Cliff Richard

Now You See Me... Now You Don't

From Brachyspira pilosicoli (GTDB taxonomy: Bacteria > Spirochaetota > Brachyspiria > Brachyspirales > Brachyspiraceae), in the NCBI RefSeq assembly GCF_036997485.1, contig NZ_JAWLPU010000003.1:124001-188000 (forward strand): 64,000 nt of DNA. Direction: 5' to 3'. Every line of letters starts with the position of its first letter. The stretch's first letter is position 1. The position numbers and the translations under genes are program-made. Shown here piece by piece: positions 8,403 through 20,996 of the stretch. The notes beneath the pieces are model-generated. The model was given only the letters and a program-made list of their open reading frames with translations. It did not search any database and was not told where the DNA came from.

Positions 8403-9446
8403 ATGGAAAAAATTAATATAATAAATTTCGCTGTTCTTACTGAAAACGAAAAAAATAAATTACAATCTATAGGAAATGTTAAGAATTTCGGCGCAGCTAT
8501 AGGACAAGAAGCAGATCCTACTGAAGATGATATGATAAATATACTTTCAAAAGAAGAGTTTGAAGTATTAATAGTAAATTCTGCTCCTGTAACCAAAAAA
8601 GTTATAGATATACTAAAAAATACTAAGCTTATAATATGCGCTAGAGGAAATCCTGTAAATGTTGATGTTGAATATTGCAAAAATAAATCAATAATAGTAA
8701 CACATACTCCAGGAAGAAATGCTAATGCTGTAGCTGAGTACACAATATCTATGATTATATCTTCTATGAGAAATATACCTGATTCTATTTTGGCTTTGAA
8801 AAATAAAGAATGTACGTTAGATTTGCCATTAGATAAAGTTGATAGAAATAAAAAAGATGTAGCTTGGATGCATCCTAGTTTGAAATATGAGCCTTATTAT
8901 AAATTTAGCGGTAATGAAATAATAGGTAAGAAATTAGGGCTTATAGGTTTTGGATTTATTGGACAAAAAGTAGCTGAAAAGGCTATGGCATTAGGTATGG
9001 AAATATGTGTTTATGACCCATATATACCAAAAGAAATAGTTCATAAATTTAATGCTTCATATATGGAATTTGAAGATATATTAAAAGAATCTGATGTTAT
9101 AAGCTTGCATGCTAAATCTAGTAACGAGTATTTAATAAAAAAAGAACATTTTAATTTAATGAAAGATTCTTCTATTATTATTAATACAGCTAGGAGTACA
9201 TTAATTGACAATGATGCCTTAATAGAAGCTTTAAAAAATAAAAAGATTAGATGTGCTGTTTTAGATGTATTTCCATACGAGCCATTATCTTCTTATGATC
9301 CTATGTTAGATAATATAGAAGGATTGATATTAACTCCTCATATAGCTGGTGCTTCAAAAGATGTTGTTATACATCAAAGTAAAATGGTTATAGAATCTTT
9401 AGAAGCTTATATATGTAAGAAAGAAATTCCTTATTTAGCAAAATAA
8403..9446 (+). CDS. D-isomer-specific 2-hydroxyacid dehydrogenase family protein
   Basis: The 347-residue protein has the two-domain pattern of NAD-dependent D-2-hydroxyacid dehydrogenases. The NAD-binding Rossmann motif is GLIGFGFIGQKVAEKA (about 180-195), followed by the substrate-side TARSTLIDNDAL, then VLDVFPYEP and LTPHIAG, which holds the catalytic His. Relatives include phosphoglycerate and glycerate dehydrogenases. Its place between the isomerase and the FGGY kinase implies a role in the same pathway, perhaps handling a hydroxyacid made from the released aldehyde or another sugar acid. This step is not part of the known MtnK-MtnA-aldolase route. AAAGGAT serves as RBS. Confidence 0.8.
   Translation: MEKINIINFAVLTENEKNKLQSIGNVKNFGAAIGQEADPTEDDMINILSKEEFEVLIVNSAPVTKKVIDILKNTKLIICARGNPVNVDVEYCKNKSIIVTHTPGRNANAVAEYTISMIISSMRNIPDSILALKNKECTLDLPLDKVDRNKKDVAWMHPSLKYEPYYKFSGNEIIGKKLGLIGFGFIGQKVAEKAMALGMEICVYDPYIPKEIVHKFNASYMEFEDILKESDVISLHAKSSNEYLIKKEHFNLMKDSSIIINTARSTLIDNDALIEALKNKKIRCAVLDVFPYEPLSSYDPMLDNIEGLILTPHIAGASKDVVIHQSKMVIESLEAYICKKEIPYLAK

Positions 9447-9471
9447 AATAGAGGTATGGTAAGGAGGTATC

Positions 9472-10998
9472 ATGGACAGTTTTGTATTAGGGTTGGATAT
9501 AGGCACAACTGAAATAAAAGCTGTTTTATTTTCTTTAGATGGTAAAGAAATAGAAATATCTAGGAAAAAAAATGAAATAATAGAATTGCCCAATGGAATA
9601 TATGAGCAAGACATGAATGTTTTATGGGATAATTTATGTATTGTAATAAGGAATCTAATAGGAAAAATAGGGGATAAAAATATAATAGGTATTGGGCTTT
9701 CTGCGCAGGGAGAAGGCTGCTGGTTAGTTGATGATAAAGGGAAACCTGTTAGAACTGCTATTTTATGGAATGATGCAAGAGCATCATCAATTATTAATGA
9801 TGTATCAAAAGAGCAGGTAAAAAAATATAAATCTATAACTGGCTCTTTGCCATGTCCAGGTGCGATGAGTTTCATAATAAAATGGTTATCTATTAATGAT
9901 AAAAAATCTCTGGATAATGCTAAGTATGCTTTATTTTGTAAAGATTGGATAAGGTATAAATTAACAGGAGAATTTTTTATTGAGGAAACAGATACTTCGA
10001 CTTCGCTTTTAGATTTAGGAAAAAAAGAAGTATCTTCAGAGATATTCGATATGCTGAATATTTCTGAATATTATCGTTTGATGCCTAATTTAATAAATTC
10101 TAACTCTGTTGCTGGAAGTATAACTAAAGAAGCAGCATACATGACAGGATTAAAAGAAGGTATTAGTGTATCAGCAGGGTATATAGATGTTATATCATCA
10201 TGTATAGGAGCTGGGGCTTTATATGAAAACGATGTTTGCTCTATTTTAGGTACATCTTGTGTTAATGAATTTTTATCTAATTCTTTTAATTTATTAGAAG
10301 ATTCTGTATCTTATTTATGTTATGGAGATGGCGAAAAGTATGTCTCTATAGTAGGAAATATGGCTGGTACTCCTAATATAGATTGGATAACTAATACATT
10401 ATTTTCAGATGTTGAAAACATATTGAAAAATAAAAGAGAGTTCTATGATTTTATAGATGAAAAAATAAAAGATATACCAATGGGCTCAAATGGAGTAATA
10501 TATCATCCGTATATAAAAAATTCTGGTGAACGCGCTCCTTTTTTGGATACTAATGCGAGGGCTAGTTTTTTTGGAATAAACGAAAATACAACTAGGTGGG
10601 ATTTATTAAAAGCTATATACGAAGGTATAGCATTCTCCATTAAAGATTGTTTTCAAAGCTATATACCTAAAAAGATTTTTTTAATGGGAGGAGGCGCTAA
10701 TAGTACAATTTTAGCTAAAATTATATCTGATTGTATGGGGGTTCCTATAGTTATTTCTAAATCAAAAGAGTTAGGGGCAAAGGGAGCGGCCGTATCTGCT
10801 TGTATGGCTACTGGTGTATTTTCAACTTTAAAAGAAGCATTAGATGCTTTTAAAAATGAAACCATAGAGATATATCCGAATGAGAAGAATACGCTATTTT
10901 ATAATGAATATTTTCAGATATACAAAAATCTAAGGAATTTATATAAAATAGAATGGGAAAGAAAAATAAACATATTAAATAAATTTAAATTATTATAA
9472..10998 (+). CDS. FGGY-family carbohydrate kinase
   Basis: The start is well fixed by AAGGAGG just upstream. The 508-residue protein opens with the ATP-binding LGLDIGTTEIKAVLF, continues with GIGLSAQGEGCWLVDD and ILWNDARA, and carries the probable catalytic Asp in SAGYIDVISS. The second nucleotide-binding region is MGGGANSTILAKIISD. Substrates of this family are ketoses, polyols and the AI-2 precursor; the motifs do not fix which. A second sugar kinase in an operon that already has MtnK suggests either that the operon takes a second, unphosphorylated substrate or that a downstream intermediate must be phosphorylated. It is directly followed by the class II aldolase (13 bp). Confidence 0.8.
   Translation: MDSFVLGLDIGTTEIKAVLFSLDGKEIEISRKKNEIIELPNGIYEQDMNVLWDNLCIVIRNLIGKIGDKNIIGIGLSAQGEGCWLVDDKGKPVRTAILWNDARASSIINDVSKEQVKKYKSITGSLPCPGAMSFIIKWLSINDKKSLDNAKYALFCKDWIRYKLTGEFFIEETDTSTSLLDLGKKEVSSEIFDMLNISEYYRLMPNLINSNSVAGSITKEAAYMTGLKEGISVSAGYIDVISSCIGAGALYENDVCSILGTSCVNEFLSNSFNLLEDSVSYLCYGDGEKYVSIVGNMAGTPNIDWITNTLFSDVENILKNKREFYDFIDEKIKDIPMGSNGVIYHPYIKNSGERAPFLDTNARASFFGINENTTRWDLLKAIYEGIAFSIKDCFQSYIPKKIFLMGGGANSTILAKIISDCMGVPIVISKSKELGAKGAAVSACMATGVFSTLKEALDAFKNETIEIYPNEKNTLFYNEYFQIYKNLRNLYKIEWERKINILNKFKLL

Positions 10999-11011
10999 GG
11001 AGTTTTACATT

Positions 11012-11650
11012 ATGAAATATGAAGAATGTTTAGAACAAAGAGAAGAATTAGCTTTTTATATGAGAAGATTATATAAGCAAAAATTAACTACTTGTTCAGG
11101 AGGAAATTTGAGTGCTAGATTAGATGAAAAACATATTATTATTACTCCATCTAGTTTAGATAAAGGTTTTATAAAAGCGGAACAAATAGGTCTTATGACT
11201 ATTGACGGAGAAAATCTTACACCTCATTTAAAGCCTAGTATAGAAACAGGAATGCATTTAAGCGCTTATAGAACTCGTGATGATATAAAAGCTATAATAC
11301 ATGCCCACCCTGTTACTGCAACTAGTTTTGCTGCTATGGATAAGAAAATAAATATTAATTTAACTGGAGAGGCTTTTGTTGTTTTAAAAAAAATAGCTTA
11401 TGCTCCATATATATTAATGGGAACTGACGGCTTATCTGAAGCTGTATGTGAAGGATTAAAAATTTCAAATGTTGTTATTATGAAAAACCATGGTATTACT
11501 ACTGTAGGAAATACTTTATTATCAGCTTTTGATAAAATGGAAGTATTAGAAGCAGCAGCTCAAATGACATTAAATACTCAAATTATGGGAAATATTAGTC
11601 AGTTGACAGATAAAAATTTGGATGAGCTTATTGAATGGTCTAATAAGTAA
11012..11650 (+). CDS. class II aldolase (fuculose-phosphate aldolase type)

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Knocked out in under two weeks, at a time when other artists of Cliff Richard's stature were taking that long to tune the synthesizers, Now You See Me...Now You Don't is an anomaly within his late-'70s/early-'80s catalog, an album that really doesn't seem to know why it was made. The playing is as terrific as you'd expect from a band that includes Dave Mattacks, Mo Foster, Peter Skellern, and Mel Collins (among others), and the speed with which it was recorded adds a welcome spontaneity to the proceedings. But the material just didn't match up to the quality that had felt so assured on the last few albums, and it was almost ironic to discover that, at the same time all concerned were laying down this weedy hodgepodge, they were also cutting a bunch of inspirational numbers ("You, Me and Jesus," "Love and a Helping Hand," and "Little Town" among them) that boasted all the strength and ingenuity that the album was lacking. Now You See Me is not entirely a lost cause. The singles "The Only Way Out" and "Where Do We Go from Here" were solidly enjoyable, and other moments at least tried to rise to the occasion. It's just that people expected more from Cliff Richard than this, and they deserved a lot more as well.

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